Baseline vegetation data indicates that the average native plant coverage is 2.4 plants per square meter in undisturbed areas of this site. To ensure success, we plant 3-4 seedlings/salvaged plants per square meter. This over-planting will accommodate a possible thirty percent die off of the young native plants during the first five years.
Plant community knowledge is very important in species placement. A power-auger is the preferred method for digging each hole, especially when installing thousands of plants. Seedling protection is a must at this site; herbivores (rabbits, deer, bighorn sheep,) can decimate a half mile run in a single day. Three-year biodegradable plant tubes held in place with bamboo stakes are the protection of choice, with one simple modification. We make four cuts in the lower part of the tubes. These flaps are folded back at the time of tube installation and rocks are then placed on these flaps, further securing the protection of the seedlings. This additional step prevents the cages from being dislodged during high winds, and large herbivores are unable to remove them. The rocks surrounding the protection cages act as mulch keeping valuable moisture around the plants. Irrigation is then run to each individual plant. The final step is to place a couple of handfuls of the mulch, salvaged from the old growth forest areas around the seedlings. These handfuls of mulch transfer mycorrhizal fungi to the plants. Then, water is added to start the growth process.
Since August of 2003 the Mitsubishi Cement Corporation (MCC) site has seen the development of test plots, revegetation commencement in two distinct elevations / plant communities, with approximately 214,158 square feet being reclaimed for habitat lands.
MCC, in conjunction with various outside agencies, is developing and implementing several endangered species projects. The first project is the Nelson’s Bighorn Sheep monitoring program. This research based plan entails identifying, collaring, and monitoring the movements of this beautiful animal. MCC employees are encouraged to participate in this plan. Employees have access to cards identifying various characteristics of the sheep, and when spotted, record all pertinent data (date, time, weather conditions, elevation, and whether the animal is collared). This information will further help us to understand and protect this animal’s lifestyle.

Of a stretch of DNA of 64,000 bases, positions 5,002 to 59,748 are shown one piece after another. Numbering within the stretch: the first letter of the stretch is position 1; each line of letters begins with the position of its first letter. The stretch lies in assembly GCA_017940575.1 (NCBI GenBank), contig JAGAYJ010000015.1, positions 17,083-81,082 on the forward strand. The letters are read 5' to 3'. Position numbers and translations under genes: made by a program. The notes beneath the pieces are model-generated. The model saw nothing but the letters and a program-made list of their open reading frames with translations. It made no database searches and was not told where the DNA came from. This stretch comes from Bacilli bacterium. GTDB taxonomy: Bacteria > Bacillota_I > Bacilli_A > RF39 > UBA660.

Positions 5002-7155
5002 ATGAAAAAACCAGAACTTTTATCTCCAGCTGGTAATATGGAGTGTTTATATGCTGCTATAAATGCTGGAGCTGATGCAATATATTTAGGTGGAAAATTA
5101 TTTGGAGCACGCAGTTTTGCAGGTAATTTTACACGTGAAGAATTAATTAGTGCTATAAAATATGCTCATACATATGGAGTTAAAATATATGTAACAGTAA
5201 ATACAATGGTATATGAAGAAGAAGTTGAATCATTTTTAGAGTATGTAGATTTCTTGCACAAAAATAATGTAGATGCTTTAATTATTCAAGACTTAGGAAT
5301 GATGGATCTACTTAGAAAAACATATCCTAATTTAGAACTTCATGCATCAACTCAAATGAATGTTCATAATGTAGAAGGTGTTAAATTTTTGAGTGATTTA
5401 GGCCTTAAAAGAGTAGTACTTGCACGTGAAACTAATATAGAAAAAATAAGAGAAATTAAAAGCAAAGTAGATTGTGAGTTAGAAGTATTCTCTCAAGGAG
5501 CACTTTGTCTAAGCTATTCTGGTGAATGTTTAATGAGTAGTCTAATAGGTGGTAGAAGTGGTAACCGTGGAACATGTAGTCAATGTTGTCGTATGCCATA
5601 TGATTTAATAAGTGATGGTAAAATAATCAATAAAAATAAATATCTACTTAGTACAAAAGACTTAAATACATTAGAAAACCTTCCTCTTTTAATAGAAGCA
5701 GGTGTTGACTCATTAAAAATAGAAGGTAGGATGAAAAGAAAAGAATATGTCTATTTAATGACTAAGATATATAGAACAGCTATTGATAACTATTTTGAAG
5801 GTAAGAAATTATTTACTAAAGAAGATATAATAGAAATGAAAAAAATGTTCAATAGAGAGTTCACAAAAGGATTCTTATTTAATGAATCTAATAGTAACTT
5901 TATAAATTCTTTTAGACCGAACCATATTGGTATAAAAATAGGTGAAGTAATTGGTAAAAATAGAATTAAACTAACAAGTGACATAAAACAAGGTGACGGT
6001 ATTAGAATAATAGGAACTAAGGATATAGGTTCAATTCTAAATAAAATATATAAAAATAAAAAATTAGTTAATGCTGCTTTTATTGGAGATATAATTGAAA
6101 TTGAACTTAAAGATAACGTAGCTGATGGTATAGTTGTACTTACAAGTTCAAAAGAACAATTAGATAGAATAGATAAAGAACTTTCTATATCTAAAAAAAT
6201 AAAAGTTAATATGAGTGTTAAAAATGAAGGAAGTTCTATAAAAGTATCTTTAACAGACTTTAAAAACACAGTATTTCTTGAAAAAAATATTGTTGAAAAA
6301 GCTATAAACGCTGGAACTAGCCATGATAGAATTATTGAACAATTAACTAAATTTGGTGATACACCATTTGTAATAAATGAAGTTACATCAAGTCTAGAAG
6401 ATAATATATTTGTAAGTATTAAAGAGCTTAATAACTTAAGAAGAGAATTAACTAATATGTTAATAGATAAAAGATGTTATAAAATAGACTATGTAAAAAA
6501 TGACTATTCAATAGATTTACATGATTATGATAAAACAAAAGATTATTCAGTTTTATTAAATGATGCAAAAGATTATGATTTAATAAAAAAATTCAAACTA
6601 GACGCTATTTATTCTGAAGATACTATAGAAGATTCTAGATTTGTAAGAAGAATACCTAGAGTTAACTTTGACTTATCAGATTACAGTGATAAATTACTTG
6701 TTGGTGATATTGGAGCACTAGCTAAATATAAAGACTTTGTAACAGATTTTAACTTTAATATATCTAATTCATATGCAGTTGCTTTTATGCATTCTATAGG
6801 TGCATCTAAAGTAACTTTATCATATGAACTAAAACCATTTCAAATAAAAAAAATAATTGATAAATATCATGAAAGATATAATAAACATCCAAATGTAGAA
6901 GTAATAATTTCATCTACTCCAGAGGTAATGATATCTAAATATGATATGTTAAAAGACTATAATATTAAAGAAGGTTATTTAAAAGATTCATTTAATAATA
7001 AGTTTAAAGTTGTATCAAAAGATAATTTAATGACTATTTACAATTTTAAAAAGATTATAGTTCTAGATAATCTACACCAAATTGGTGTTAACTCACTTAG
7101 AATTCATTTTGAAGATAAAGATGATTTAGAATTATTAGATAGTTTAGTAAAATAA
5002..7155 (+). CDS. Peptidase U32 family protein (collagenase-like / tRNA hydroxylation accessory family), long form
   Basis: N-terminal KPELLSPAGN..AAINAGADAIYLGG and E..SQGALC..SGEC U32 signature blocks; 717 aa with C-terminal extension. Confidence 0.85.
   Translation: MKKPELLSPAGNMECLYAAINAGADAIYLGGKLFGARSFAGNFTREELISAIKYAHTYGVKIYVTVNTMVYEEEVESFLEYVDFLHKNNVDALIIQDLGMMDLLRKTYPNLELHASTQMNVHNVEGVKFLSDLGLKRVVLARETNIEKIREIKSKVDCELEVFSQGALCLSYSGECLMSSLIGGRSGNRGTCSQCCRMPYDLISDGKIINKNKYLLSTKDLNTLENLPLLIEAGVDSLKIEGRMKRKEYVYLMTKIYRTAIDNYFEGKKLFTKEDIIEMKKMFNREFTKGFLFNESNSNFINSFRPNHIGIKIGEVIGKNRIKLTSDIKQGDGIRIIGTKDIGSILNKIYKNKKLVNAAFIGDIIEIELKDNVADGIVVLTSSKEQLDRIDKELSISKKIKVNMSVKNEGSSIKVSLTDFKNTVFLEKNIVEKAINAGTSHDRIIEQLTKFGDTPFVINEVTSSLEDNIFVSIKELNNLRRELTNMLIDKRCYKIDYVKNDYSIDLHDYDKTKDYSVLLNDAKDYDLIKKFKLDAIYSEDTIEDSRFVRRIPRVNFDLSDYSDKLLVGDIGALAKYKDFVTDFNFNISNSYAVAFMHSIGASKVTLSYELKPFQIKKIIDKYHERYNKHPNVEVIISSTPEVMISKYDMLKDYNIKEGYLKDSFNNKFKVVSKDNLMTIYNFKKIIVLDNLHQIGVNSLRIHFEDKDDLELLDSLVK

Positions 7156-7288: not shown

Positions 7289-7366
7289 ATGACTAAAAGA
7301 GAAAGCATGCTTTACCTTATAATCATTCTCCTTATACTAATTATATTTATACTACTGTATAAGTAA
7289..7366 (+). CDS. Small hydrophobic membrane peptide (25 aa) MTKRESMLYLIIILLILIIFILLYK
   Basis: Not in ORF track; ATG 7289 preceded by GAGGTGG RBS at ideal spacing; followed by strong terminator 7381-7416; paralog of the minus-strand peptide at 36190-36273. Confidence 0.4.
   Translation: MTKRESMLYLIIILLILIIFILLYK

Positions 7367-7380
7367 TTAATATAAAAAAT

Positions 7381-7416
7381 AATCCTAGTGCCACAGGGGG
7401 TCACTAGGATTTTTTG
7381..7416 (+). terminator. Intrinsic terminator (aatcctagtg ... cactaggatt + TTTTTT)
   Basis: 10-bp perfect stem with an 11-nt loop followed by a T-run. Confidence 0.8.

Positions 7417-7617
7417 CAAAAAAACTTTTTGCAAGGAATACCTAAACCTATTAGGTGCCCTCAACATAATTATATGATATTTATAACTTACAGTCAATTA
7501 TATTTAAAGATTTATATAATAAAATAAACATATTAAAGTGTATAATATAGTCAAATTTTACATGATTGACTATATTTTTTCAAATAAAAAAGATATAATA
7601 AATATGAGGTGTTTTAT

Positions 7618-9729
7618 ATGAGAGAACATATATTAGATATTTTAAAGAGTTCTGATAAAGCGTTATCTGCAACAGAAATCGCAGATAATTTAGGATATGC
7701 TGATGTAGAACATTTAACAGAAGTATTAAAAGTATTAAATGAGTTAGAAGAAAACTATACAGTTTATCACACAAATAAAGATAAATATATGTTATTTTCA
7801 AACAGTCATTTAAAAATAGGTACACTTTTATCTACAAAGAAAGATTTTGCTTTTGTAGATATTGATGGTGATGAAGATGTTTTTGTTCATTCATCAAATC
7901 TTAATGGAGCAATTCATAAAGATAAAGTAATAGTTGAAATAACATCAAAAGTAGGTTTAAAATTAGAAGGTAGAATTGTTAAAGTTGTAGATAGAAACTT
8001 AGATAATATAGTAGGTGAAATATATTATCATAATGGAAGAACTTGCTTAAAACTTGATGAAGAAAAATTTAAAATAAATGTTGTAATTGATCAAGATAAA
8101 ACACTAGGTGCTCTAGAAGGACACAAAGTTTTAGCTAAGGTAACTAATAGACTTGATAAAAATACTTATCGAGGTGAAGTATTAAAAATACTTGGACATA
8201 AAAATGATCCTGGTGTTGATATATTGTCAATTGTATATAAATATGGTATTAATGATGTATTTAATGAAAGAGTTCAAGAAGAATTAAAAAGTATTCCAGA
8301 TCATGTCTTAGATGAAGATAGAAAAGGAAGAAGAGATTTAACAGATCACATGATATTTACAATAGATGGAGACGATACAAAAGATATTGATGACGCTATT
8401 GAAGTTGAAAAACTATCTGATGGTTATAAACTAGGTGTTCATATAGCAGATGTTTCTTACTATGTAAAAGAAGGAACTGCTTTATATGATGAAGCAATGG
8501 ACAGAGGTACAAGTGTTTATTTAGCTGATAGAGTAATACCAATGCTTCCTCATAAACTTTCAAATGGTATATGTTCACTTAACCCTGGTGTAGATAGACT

Four species of native plants at the MCC site are rare enough to be protected by either State or Federal listings as “THREATENED OR ENDANGERED SPECIES”. These four plants are Parish’s Daisy (Erigeron parishii), Cushenbury Milkvetch (Astragalus Albens), Cushenbury Oxytheca (Oxytheca Parishii), and Cushenbury Buckwheat (Eriogonum Ovalfolium). Several plans have been implemented to protect these four endangered species. Methods of protection include the following: salvage the plants from a site to be disturbed and transplant to a reclaimed bench, collect seed and have the plants propagated, and remove cuttings from healthy plants to have them cloned. All three of these methods are in use to save these valuable plant species. Another strategy in place for ensuring these plants’ survival is for each acre impacted by mining, three acres are left as pristine habitat.
Data is recorded throughout all aspects of this reclamation project. During seed collection a G.P.S. is used to record elevations and map coordinates. Plant salvage and shadehouse data is retained for use in yearly reporting. Site monitoring protocols have been developed in terrestrial vegetation measurement and vigor scoring. Monitoring pins are placed on the reclaimed sites once planting has been concluded. For five years these site measurements are recorded showing growth rates and survivability. Though this project is in the beginning stages, the data collected demonstrate an above average survival rate in the mid-ninety percentile range.